My friend and colleague Johnny recently came up with some pretty cool tricks for using BDAG to help when reading the Apostolic Fathers in Greek.
The trick is pretty simple, but is involved to explain. So I made a video.

Think about other applications of this same technique:

  • Maybe you’re interested in where BDAG has cited a particular section of BDF? You could use this same trick. As an example, BDF §260 has to do with how the article is used with personal names. Want to know where BDAG cites or points to this section? Search BDAG for “bdf in 260″.
  • Maybe you want to see where BDF has referenced Ignatius to Polycarp. You can do the same search the video demonstrates, only do it in BDF: “af in ipol”.
  • You get the gist. I’m sure you can think of others.

How cool is that?

Using Exegetical Guide When Reading Greek NT or Hebrew Bible

I was hanging out with some Logos users at Camp Logos II, held here in Bellingham on August 27-28, when my friend and colleague Johnny asked me about ways to emulate a “Reader’s Greek New Testament” inside of Logos. Johnny is always working on his Greek (and Hebrew) skills as he’s pursuing a Masters degree up at Regent College. He wanted to read the Greek NT but only have glosses available for words (lemmas) that occur less than, say, 20 times in the Greek NT.
There is a way to do this, but you might not think of it. It involves paring down your Exegetical Guide preferences and also using the chain link to link your Exegetical Guide with the Greek New Testament.
Don’t worry, I recorded a video to explain how you can do this too. Check it out.

Syntax Search Example: Modifiers in 1Ti 6.10

I was working my way through the first portion of 1Ti 6.10 the other day. This is the well-known clause, “For the love of money is a root of all kinds of evils” (1Ti 6.10a, ESV).

I was specifically looking at “… of all kinds of evils”, and had some ideas on how to use syntax searching to help me examine that portion of the verse. It was too much to write down; at almost 15 minutes it was nearly too long for a video (I ramble a bit at the end, though).

More on Verse Mapping

Vincent’s post about mapping outand harmonizing all the variousbook-chapter-verse schemes for the Bible has sparked some great discussion among other bloggers. Here are a few selections; click through on the links to read the complete posts at each site…

ESV Bible Blog – “They plan to use the data in the next version of their software to allow for a ‘higher degree of precision when it comes to Bible navigation, comparing Bible versions and viewing them in parallel, and Bible reference tagging.’ The amount of effort put into this project boggles the mind.”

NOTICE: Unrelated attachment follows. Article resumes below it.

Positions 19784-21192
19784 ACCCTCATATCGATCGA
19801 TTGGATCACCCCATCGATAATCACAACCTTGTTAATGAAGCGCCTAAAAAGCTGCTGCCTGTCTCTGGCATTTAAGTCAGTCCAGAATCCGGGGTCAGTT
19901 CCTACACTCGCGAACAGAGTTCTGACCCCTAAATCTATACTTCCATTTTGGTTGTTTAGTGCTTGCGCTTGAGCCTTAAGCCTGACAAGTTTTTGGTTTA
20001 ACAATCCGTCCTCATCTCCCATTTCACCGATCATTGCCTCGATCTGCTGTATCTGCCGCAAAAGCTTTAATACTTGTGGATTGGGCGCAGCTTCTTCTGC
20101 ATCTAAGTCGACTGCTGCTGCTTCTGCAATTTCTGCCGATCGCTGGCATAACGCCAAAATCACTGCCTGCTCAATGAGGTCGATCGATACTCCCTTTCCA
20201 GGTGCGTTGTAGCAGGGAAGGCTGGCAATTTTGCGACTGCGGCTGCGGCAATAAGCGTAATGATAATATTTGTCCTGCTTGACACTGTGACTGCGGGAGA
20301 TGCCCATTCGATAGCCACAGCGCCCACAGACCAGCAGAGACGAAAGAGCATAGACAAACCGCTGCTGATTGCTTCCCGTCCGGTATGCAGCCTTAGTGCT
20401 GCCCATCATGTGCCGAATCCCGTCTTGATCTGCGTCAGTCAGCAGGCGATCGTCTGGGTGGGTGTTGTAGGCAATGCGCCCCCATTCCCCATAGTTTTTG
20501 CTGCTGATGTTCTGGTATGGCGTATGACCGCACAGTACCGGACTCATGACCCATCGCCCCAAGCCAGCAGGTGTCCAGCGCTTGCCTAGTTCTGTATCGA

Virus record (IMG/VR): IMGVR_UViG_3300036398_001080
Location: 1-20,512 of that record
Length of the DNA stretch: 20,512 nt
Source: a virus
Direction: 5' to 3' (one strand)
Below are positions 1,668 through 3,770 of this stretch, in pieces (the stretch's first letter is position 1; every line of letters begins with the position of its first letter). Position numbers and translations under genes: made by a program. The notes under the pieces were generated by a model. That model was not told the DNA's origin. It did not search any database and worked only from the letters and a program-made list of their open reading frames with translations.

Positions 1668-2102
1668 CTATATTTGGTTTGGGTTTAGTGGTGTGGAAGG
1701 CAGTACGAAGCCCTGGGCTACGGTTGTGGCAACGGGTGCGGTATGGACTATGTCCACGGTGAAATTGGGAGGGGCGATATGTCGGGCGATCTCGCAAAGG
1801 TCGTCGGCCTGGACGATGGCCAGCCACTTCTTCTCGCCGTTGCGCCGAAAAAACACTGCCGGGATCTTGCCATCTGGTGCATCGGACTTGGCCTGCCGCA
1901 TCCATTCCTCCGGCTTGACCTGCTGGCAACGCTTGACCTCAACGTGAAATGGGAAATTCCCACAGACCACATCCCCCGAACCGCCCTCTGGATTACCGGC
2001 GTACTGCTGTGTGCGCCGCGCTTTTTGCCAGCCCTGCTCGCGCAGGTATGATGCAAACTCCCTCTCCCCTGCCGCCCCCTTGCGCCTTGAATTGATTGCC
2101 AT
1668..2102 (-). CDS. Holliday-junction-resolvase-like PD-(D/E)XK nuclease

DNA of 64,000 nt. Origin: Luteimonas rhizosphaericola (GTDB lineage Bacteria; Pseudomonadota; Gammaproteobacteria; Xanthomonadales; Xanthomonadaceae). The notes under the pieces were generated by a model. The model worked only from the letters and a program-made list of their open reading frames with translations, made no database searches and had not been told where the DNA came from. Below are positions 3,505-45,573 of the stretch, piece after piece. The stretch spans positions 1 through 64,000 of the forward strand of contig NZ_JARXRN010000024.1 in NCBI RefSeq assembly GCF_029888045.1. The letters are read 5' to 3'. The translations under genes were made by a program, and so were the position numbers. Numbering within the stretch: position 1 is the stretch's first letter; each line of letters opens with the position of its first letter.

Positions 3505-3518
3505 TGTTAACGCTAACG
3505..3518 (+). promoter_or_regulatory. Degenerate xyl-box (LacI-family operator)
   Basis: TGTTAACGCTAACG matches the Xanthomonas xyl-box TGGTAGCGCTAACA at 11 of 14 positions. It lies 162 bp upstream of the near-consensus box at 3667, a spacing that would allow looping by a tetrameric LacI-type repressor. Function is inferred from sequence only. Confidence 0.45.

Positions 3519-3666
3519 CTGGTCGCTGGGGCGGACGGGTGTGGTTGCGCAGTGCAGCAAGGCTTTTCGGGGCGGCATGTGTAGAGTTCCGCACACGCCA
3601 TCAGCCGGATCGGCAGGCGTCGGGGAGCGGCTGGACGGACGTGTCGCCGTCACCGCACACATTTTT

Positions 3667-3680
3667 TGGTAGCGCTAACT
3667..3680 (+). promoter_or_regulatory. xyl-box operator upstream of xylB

The folks at Crossway also point to a series of posts by blogger Ben C. Smith, who is working his way through a detailed description of thevarious canonical lists assembled by the early church. Interesting stuff which has a bearing on the Bible we read today.

Randy McRobertsofThe Upward Way Presswrites,

“Most people know that the chapter and verse divisions of the Bible aren’t part of the original text. Many people may not know that the versification of all Bibles is not the same. For example, if you look up a psalm in the Septuagint, it might have a different number than it does in the English Bibles. It is a very complicated situation. Particularly if your Bibles are digital.”

I’m sure Vincent would concur with this assessment. He’s been looking a little wrung out lately, and could probably use a care package. :-)

In a post entitled “Here’s Why I Believe in Logos Bible Software” (we appreciate the vote of confidence but would direct such praise to the One who truly deserves it), Benjamin Janssen writes,

“There are many good reasons why any serious Bible student should invest in, learn, and use Logos Bible Software. But here’s the best reason I can think of: the company is dedicated to getting it right. This is a Bible study software that I am confident will always be on the cutting edge of research and analysis without compromising quality, even down to chapter and verse divisions.”

We do work hard to stay at the cutting edge of Bible technology,and are taking steps topromote a healthy “give and take” with others in the industry.The BibleTech 2008 conferencein January will be a great opportunity for all those who work at the intersection of Bible and technology to share best practices and spur one another on to even greater levels of excellence.

If things like XML versification maps get you excited, you definitely need to be at the conference!

An author speaks out

Sometimes we take for granted the goodness of electronic publishing. But some people still wonder why an author or a publisher would choose to put out an electronic edition of their work.

Dr. Robert Lowery, seminary professor, dean, and author of Revelation’s Rhapsody, was recently asked why he chose to publish his first book both electronically (with Logos)and in print (with College Press).

Dr. Lowery shared his answer to this question on his blog…which he has generously allowedus to reprint as a case study on Logos.com.